NI Assembly set to be recalled for debate on loyalist violence

Foster condemns violence in which 41 police officers have been injured

Speaking to reporters in Fermanagh on Tuesday, Northern Ireland’s First Minister Arlene Foster condemned the recent violence in Northern Ireland. Video: Reuters/ Arlene Foster/ PSNI

 

The North’s Assembly is set to be recalled on Thursday to debate a motion condemning recent violence and attacks on police in loyalist areas.

The Alliance Party, which proposed the motion, secured the required support of 30 Assembly members to recall MLAs from Easter recess, with the sitting expected to take place on Thursday morning.

It was signed by members from all five parties in the Northern Executive.

“Weeks of tensions from a number of issues, incited and encouraged by a number of people who really should know better, have brought us to this point,” the Alliance Party leader, Naomi Long, said.

“The violence has to stop, but so does the political cover given through vague comments and empty threats.

“There is no room for ambiguity – this violence must be condemned by a united Assembly, which fully supports the rule of law in Northern Ireland. ”

A total of 41 police officers have been injured in the violence, the Police Service of Northern Ireland (PSNI) said on Tuesday.

Nine more officers were injured on Monday evening in Ballymena, Co Antrim, during disorder around an illegal loyalist parade.

Speaking to reporters in Fermanagh on Tuesday, Northern Ireland’s First Minister Arlene Foster condemned the violence and appealed directly to “young people who are angry at this moment in time – do not get yourself a criminal record”.

Resignation

She also said she had spoken to youth workers who “expressed to me that part of the issue, not it all, but part of it is the fact that there are no youth centres open at present because of Covid restrictions”.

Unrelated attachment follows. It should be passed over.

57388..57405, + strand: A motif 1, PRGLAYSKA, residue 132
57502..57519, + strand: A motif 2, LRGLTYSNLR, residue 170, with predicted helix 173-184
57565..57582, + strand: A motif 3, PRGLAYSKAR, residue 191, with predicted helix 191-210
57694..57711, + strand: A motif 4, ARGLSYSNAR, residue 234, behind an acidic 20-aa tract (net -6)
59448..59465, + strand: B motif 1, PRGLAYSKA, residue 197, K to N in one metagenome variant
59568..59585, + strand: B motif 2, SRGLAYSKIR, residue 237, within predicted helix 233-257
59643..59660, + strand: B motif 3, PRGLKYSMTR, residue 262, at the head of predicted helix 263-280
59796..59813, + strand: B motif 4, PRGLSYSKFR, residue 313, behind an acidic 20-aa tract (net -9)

“I’ve asked the Executive to look at that urgently and to get those youth centres open immediately . . . so those youths can come off the streets and come away from some malign influences that are in our society.”

Ms Foster called again for the resignation of the North’s Chief Constable, Simon Byrne, saying that “confidence has gone in his leadership”.

Mr Byrne has refused to step down and has defended the police’s actions. In a statement issued in her capacity as Minister for Justice on Tuesday, Ms Long said the Chief Constable had her full support.

The North’s unionist parties demanded Mr Byrne’s resignation following the decision last week not to prosecute 24 Sinn Féin politicians for their attendance at the funeral of Bobby Storey in apparent breach of the Covid-19 rules in force at the time.

“The rule of law is very important to me, individually and as party leader, and last week when it was very clear that the rule of law had been damaged because Sinn Féin presented themselves as above the law, a special status for their funeral whilst everybody else had to deal with the restrictions at particular points in time,” Ms Foster said.

“I recognise that there is huge anger about that. But if the rule of law is to mean anything, it is that everybody is equal under the law and everybody has to be equally subject to the law,” she said.